Gianni Infantino wants Women’s World Cup prize money to match men’s by 2027
FIFA president Gianni Infantino wants equal prize money for the men’s and women’s World Cups in 2026 and 2027 but called on broadcasters to pay more for the rights to the women’s finals.
Infantino confirmed a total payments package of 152 million US dollars (£126m) for this year’s World Cup in Australia and New Zealand, inclusive of team preparation funding and club release payments.
That is still some way short of the reported 440m US dollars (£365m) prize money on offer to teams at last year’s men’s finals in Qatar, but Infantino is determined to bridge the gap – if broadcasters and sponsors step up.
This is the objective that we set to ourselves. FIFA is stepping up with actions, not just with words.
He said that in some cases, the offers for the Women’s World Cup rights were 100 times lower than for the men’s tournament.
“Our ambition is to have equality in payments for the 2026 men’s and 2027 women’s World Cup,” Infantino told the FIFA Congress in Rwanda after he had been elected unopposed for a new four-year term.
“This is the objective that we set to ourselves. FIFA is stepping up with actions, not just with words. But unfortunately this is not the case of everyone across the industry.
“Broadcasters and sponsors have to do more. FIFA is receiving between 10 and 100 times inferior offers for the Women’s World Cup.
“These same public broadcasters who are paid by taxpayers’ money, they criticise FIFA for not guaranteeing equal pay to men and women.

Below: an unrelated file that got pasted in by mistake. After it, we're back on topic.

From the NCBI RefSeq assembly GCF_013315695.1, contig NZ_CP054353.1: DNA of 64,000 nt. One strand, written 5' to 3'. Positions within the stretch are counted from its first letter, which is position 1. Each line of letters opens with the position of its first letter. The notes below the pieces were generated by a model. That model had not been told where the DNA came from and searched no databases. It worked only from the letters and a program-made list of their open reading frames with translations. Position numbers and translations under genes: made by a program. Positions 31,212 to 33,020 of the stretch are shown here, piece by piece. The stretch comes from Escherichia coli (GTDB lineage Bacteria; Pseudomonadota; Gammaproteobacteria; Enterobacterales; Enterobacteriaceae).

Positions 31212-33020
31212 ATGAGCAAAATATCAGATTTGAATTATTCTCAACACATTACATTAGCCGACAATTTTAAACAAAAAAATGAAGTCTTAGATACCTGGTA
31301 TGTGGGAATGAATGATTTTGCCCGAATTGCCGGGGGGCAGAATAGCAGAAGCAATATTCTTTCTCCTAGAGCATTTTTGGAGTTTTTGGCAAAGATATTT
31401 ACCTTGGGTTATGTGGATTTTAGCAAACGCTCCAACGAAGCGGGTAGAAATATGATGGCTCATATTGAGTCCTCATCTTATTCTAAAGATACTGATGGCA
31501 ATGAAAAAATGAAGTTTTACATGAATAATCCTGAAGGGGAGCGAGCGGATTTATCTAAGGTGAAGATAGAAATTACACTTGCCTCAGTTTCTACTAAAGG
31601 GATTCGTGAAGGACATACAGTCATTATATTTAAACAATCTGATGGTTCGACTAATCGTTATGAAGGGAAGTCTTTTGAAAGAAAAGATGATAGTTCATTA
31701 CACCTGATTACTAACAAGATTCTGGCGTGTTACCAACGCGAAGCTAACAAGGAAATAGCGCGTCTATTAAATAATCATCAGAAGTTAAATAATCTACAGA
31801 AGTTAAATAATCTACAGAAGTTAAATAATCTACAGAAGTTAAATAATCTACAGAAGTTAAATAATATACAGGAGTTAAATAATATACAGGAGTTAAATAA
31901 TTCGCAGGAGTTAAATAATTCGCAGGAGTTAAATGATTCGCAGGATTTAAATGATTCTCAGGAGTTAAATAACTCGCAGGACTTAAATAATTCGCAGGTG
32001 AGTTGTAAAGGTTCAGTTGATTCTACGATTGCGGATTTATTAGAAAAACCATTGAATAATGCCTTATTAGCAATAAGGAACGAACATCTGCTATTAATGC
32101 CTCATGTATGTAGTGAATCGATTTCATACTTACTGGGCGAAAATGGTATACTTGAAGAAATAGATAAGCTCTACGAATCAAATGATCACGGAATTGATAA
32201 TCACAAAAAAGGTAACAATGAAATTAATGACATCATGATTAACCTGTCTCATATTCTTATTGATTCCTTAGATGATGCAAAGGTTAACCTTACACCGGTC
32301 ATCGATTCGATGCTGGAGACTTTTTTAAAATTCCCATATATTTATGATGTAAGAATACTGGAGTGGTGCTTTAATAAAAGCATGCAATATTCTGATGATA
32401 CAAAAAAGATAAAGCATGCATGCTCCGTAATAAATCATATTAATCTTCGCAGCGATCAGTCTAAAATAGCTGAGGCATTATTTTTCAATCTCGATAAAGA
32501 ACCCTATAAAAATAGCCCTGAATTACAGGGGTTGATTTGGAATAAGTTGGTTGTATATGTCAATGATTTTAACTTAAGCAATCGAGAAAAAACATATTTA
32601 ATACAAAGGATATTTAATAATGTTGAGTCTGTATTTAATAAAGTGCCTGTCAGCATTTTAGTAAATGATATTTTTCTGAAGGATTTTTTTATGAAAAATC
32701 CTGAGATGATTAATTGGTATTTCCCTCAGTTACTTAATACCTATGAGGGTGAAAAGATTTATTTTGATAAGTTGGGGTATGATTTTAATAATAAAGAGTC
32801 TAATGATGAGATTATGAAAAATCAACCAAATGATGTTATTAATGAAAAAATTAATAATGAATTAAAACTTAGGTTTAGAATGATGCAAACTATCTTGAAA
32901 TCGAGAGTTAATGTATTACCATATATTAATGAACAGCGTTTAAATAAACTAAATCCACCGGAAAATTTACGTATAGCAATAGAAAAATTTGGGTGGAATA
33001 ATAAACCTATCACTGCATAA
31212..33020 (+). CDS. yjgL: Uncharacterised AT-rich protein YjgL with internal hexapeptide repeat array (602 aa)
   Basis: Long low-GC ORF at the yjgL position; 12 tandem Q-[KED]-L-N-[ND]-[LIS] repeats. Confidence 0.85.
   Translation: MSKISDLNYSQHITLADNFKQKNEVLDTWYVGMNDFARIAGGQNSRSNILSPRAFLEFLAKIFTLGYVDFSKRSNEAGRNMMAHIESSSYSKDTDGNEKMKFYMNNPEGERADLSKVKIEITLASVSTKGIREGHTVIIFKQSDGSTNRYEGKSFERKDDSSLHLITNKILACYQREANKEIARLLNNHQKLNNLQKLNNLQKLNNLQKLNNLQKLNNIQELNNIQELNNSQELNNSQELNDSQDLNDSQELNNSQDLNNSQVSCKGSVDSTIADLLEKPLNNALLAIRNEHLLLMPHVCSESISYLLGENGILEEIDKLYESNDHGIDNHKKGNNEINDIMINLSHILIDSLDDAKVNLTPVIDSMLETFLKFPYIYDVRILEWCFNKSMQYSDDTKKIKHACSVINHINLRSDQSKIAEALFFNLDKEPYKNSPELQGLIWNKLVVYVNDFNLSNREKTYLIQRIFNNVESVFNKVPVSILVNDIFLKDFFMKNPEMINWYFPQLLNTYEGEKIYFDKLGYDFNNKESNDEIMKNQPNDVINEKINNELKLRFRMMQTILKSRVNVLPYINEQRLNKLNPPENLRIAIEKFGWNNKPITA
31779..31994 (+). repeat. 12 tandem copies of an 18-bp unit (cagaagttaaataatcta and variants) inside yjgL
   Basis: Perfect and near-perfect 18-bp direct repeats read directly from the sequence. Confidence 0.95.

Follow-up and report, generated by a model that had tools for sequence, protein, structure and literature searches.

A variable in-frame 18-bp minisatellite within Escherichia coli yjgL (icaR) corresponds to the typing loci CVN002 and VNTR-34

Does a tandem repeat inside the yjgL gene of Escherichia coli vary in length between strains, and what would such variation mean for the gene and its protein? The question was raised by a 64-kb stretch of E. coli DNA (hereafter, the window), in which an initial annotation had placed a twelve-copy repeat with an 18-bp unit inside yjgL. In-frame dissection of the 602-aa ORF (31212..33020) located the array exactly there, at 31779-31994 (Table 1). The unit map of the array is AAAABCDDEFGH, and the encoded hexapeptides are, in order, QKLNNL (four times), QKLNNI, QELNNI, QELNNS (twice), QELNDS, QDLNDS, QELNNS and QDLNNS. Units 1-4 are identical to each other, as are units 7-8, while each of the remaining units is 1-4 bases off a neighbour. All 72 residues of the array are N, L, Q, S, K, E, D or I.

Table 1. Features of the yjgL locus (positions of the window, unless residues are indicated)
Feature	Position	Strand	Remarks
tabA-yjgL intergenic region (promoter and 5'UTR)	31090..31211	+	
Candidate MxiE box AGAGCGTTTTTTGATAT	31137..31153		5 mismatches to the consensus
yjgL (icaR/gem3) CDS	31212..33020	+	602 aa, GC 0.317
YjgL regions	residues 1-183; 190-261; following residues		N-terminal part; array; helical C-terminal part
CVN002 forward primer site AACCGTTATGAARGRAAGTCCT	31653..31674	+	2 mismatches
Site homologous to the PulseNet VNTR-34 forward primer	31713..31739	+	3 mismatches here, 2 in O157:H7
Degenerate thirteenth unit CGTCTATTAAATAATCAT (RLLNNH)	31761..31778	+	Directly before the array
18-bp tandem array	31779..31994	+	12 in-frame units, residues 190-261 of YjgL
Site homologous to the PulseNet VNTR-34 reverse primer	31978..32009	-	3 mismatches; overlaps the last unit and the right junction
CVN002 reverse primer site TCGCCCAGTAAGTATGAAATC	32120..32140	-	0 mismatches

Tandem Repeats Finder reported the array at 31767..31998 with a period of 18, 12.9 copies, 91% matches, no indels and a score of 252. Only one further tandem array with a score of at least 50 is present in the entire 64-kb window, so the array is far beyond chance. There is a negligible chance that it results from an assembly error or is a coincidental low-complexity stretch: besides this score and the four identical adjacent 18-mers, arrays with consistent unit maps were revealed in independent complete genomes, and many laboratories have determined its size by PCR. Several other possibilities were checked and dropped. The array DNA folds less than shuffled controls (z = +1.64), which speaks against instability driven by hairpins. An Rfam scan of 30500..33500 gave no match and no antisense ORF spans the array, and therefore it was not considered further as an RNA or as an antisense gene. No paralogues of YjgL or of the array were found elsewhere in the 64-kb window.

“You pay us 100 times less, (but) your viewing figures are similar. Maybe 20, 25 per cent less for the women than the men, not 100 per cent. Well offer us 20 times less, offer us 50 times less, but not 100 times less.
“We need to all be on the same side in this fight for equality.”
World players’ union FIFPRO welcomed Infantino’s words, adding in a statement: “The progress announced today demonstrates the intent of the players and FIFA to work proactively towards greater equity and equality for the industry.”
Teams competing at this year’s finals have already been guaranteed equal conditions as their male counterparts in Qatar in terms of accommodation, travel, training facilities and delegation size.
In the UK, the BBC and ITV are yet to announce confirmation of coverage plans for this summer’s finals.
Infantino confirmed Visit Saudi would not be a sponsor of the tournament in Australia and New Zealand, but described the controversy around the issue as “a storm in a teacup” and accused critics of the reported deal of having “double standards”.
The host associations of Australia and New Zealand had spoken of their concern that the company was reportedly in discussions with FIFA over sponsoring the tournament, given Saudi Arabia’s record on women’s and LGBTQ+ rights.
“There were discussions with Visit Saudi and in the end this discussion did not lead to a contract,” Infantino said at a press conference in Kigali.
“So there was a storm in a teacup. There isn’t anything bad in making sponsorships from Saudi Arabia, from China, from the United States, from Brazil or from India.
“FIFA is a global organisation. I understand when it comes to Australia that Australia has trade with Saudi Arabia of around one and a half billion. This doesn’t seem to be an issue.
“There is a double standard there which I don’t understand.”
Football Australia chief executive James Johnson said: “We welcome clarification from FIFA regarding Visit Saudi.
“Equality, diversity and inclusion are really deep commitments for Football Australia and we’ll continue to work hard with FIFA to ensure the Women’s World Cup is shaped in this light and it is a historic event for our nation, showcasing the world’s greatest female players and advancing the game globally.”
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